So, my question is this: How do you see the role of social media in the making and recording of history for ourselves and posterity? How about, in particular, the role of social media to aid the ‘search for true history’ — including to discern ‘those facts which are sound and those which are not’ and to ‘judge history on its truth claims’? Thoughts, Thomas?

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    1. I'll address one aspect of this, which is fake news on social media, which seems to be accepted as true more often than not. Even true media reports may now be labelled fake, so that we have a situation of ‘who’s foolin’ who?’ Those who see through these things are those who have discerned truth (or merely doubt) through greater circumspection. I think that fake news on social media may finally mean the maturing of our attitudes to history and history-in-the-making.

      There is a danger besides, and this is an older one. People deliberately compile and file reports which are false, and when this is discovered, it generates great interest. This recently happened to our Minister of Finance, and it has happened to me. Or worse, those who would be important contributors to a balanced history are completely eradicated. I wonder, though, whether it is possible to eradicate history at all, in a sense. It lives on in those who survive, and this influences everything.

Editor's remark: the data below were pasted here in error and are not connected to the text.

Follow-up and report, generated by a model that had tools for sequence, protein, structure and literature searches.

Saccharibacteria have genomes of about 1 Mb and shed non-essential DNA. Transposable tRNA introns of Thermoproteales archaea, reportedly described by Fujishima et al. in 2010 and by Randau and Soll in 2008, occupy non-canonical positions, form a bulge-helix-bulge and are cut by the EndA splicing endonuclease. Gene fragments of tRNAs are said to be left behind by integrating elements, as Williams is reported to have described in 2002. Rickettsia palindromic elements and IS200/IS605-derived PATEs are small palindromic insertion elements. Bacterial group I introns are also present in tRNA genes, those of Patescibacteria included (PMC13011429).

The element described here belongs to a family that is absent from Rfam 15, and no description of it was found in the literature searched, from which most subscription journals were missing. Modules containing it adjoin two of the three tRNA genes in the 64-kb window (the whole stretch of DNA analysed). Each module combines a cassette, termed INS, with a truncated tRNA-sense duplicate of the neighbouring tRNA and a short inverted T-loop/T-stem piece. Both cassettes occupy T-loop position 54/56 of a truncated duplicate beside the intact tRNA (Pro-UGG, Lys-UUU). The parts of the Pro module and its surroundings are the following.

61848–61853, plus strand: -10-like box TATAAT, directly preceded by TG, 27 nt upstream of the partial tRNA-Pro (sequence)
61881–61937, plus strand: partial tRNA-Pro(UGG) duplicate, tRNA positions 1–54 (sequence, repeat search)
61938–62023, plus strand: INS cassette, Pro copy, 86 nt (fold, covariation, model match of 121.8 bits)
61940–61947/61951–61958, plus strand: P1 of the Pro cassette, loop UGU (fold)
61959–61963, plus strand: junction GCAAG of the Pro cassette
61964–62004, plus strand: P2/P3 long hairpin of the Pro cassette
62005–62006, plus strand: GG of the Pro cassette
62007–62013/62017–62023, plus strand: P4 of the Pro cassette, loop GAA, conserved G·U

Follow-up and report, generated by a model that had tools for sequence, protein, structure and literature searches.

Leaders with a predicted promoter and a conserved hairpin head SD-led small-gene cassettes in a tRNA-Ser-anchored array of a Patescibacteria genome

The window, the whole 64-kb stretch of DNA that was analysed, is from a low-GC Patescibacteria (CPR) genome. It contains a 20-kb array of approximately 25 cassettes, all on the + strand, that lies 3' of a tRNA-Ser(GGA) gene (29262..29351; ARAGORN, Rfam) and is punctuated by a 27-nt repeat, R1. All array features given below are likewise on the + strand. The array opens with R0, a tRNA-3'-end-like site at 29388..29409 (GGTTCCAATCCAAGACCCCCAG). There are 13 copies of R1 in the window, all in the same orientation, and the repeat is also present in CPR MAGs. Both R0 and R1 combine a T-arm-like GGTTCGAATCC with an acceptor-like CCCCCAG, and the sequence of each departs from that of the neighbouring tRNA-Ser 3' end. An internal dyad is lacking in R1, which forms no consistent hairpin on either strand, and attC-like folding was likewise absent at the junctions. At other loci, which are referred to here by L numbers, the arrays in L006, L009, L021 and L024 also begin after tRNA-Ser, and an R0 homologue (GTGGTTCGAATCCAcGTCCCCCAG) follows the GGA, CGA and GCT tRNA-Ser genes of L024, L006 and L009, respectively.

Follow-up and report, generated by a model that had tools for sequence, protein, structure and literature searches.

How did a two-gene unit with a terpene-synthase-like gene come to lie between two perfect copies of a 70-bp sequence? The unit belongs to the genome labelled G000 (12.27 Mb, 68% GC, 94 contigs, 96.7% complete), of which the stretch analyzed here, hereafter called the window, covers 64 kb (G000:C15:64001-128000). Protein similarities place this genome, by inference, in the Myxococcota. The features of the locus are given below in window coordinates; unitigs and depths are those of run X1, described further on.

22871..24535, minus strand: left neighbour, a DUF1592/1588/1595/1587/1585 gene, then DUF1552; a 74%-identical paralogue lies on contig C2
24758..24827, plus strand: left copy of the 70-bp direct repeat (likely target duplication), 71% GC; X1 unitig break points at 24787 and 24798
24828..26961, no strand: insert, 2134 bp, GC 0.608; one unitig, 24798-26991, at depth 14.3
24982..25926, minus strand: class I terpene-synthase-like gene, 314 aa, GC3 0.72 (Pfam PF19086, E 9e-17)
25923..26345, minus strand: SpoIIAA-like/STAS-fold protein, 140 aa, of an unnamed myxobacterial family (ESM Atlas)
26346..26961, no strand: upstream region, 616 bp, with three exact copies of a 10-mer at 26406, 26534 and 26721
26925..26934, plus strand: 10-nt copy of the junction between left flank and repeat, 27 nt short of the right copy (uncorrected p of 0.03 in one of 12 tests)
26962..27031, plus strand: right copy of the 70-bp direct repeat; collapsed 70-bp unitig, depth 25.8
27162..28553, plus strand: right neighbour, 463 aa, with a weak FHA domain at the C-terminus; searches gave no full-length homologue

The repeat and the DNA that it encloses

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    2. Yes, Like Keith I see this essay as riding two horses (!) One task is to interpret events, to put them into a meaningful context.. this debate about history transcends questions about facts, for the key judgements are not factual.